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Helping Kids Have A Smooth Transition To A New School

August 17, 2009

Whether it’s down the block, on the other side of the city or across the ocean, changing schools can be a difficult adjustment for kids of all ages, according to experts at Baylor College of Medicine.

“Anxiety is a typical reaction in these types of situations,” said Dr. Leng Bang, assistant professor of psychiatry and behavioral sciences at BCM.

Many children are afraid of whether they will make new friends and fit in at school. Pressure to perform at a certain level in school can also be a source of stress for kids, said Bang, who is also a pediatric psychiatrist at Texas Children’s Hospital in Houston.

Preparation

However, parents can take an active role in preparing their kids for this change and alleviating some fears.

“You can prepare them by taking them to purchase school supplies and new clothing. Get them on a regular nighttime and morning routine, and talk to them about worries they might have,” said Bang.

Communication and involvement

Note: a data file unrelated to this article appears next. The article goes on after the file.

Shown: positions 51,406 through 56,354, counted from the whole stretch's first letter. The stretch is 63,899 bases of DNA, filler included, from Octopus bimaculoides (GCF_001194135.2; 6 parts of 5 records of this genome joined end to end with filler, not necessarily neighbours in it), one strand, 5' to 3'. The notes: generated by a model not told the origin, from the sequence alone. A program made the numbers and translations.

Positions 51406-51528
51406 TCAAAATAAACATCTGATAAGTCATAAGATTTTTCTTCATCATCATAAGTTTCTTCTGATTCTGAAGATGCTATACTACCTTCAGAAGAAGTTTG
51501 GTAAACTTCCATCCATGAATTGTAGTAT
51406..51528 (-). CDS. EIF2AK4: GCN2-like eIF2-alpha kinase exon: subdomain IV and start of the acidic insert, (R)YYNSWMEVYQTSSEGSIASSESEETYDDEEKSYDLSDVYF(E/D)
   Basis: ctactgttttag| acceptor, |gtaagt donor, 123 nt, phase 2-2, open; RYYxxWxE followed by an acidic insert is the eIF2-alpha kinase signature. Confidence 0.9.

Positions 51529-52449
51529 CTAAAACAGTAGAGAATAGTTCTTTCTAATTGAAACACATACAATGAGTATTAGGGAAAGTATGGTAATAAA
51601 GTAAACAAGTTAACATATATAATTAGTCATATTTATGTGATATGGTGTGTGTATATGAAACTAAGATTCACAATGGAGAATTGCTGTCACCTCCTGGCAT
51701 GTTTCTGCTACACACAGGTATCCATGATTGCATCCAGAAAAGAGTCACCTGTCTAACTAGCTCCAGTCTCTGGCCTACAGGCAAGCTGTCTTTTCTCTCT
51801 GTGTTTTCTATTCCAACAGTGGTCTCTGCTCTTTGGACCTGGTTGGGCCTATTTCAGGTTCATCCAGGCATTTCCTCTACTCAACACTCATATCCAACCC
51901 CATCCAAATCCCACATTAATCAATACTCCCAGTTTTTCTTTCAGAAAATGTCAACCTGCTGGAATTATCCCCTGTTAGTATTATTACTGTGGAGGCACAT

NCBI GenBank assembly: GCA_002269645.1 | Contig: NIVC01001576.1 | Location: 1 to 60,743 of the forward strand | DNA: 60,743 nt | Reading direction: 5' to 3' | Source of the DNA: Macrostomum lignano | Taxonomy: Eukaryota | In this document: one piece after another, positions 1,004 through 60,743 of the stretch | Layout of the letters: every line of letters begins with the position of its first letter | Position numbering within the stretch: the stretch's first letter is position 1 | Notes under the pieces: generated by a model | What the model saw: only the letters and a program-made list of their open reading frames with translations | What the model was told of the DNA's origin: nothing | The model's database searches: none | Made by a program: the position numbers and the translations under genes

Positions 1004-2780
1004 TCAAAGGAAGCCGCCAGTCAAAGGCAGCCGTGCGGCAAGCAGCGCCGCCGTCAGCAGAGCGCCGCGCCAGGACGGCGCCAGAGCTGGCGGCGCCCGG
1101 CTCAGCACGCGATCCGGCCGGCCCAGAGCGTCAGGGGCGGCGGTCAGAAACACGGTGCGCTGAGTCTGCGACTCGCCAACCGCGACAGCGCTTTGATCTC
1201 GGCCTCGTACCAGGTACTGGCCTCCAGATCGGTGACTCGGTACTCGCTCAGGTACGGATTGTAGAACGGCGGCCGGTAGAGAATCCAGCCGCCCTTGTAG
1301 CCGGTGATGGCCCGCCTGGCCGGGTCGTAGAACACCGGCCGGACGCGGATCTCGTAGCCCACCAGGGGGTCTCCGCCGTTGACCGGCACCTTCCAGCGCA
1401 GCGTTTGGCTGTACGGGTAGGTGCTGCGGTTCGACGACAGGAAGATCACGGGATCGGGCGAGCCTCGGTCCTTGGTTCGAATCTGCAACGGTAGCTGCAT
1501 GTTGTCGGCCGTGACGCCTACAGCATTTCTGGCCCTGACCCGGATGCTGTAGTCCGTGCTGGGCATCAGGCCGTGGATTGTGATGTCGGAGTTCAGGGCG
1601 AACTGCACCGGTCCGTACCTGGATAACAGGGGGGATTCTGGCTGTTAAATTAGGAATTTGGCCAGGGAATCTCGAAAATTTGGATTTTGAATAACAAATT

It’s important for parents to maintain open communication with their kids, and it’s also just as important to communicate with their teachers and the school.

“If you have a positive attitude towards your child’s school and are happy to get involved in school activities, your child will reflect this behavior,” said Bang. “If you are involved in school activities, it’s a great way for children to make new friends.”

Get help if it’s needed

Although anxiety is initially typical, it should fade over time, said Bang. If parents start noticing changes in sleep and eating patterns and grades, and an increase in complaints of anxiety related ailments such as headaches and stomachaches, it may be time to intervene.

“Talk to your child’s teacher to see if they have noticed any changes at school as well. You might then want to get the school counselor involved to help your child get through this difficult time,” said Bang.

Anxieties can develop about school that may lead to behavioral changes or even school refusal. If this occurs, it is often helpful to seek help from child mental health professionals, said Bang.

In the end, maintaining open communication and staying involved will make the adjustment period easier for kids.

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